A Sophisticated Cyber-Attack
The so-called 'Operation Aurora' - was a sophisticated cyber-attack allegedly carried out from China, targeting email accounts held by Human Rights Activists. The attacks, carried out between December 2009 and January 2010 were publicly disclosed by Google on January 12 in its official blog. The hackers used a trojan horse to gain remote access to the affected computers. Google stated in its blog that some of its intellectual property had been stolen.
Internet Explorer, You Are The Weakest Link !
The weak link and perhaps the biggest victim in the whole matter turned out to be Internet Explorer after Microsoft admitted that the attackers had exploited a vulnerability within the Internet Explorer web browser in order to carry out the attacks.
"Internet Explorer users currently face a real and present danger due to the public disclosure of the vulnerability and release of attack code, increasing the possibility of widespread attacks," said George Kurtz, chief technology officer of McAfee, in the McAfee Security Insights blog on the 17th January.
Microsoft admitted that they had known about the vulnerability since September 2009 and that a security update had been scheduled for February 2009.
With pressure mounting and panic spreading, the Australian, German and French governments decided to advise people to remove Internet Explorer from their computers and change browsers to either Firefox or Chrome, at least until Microsoft fix the security issue with Internet Explorer.
The fix came on the 21st January. The Microsoft security bulletin indicated that the vulnerability affected all versions of Internet Explorer with a severity level of 'critical' on more-or-less all versions of Windows. The update also covered seven other privately reported vulnerabilities but Microsoft did not state whether these had already been exploited or not.
Step Forth Firefox 3.6
With Internet Explorer firmly fastened in the stocks during the incident, Microsoft's biggest rival in the browser market, Mozilla, took full advantage of the public climate with the release of Firefox 3.6.
Internet Explorer Versus Firefox
Being open-source software, Firefox enjoys rapid development between releases as well as a huge library of plug-ins and other contributions from the open-source community.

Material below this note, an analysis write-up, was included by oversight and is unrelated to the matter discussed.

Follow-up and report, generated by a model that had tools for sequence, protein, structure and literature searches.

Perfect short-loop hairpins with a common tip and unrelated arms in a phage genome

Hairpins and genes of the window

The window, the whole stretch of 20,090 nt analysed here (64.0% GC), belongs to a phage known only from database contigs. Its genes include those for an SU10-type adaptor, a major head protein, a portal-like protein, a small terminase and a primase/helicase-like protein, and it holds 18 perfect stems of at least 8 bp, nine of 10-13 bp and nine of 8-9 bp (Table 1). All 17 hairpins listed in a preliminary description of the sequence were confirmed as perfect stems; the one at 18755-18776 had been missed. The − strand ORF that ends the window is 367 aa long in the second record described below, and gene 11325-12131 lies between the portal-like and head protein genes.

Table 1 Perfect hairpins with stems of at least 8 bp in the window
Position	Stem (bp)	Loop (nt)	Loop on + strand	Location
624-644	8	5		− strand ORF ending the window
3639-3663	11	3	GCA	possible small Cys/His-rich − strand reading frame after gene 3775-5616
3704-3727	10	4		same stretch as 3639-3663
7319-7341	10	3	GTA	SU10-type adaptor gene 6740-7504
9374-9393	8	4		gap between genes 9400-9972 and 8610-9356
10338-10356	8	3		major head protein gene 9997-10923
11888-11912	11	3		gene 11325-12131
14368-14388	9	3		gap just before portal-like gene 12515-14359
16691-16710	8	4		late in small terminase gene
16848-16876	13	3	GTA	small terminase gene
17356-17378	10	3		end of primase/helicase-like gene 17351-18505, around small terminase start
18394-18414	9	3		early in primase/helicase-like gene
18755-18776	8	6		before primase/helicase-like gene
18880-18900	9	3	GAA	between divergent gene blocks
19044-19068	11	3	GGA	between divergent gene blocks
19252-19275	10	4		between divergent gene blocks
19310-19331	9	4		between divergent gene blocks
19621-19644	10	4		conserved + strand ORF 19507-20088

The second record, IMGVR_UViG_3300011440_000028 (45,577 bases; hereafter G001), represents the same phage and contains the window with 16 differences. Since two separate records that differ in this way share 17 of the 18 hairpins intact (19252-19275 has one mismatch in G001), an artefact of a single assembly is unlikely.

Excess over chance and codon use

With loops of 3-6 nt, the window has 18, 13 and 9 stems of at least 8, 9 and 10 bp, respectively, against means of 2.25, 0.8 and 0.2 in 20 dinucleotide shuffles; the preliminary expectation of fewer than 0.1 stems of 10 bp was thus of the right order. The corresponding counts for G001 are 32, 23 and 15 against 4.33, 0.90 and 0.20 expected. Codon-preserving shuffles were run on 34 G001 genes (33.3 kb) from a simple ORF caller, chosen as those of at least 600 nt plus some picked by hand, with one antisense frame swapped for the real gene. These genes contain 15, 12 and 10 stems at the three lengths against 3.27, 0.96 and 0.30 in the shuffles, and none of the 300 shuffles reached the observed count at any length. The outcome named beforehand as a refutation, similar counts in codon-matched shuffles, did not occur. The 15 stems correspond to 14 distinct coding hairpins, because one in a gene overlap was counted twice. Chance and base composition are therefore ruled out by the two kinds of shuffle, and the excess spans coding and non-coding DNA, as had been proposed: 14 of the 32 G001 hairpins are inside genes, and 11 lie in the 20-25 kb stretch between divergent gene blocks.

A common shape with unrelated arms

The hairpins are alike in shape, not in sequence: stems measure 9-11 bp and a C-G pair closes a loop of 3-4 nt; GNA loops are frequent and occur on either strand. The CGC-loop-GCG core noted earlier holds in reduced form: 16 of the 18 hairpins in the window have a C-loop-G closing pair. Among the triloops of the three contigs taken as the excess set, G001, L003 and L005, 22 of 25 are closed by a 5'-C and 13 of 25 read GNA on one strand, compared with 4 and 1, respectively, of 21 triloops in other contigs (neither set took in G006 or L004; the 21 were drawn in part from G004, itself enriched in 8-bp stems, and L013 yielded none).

Many of the key features of Internet Explorer that we take for granted, like opening new pages in tabs rather than a new window, were originally implemented by Mozilla Firefox (as well as other browsers) and later adopted by Internet Explorer. For those who like to have the latest browser features Firefox is the software of choice. Web developers and heavy users also tend to prefer Firefox for its performance levels.
Perhaps the most important question to pose when comparing the two browsers is which one is the most secure. After-all the humble web browser has become a kind of mirror or interface between our private life and the outside world. We regularly type in our credit card numbers, telephone numbers and home address, we use our web browser to access our bank accounts, pay our bills and remember our secret passwords. Web browsers know the keywords we search for, the email messages we send and receive, the products we buy, when and where we are going on holiday, which websites we visit. We place an awful lot of trust in our web browser of choice and and it's quite scary to think that it can be exploited by someone, criminal or otherwise.
Internet Explorer is the worlds most widely used web browser with over 60% of the market share compared to Firefox with just 25%, therefore a successful exploitation of Internet Explorer also gets you a 60% share of the market compared to just 25% if you exploit Firefox. The point I am trying to make it that logically, Internet Explorer is bound to attract more interest from cyber criminals resulting in more security vulnerabilities becoming publicly known than with other web browsers. This logic would suggest that using a lesser popular browser like Firefox could be a more secure option.
Vulnerabilities are regularly found in all browsers, in most cases they are never made public, they just get fixed and no one gets hurt. However when vulnerabilities are disclosed publicly and attack-code made known the most important factor to the public is the speed at which the vulnerability gets patched or fixed. As you can see from the pie charts below (courtesy of Secunia) Microsoft left 33% of advised vulnerabilities found in the latest version of Internet Explorer unpatched in 2009 while Mozilla Firefox patched 100% of advised vulnerabilities.
So far this year (2010) Secunia has not issued any advisories to Mozilla Firefox, while it has issued two for Internet Explorer 8, of which only one has been patched.
According to Secunia's annual security report
research shows that Microsoft do not respond as quickly as their competitors in fixing security vulnerabilities and making patches available.
These facts strongly support the claim that Firefox could be a more secure web browser than Internet Explorer.
The very nature of open-source software like Firefox might suggest that vulnerabilities could be found with greater ease, but the speed at which the vast team of open-source developers are able to respond to security threats might make Mozilla Firefox a serious alternative to consider.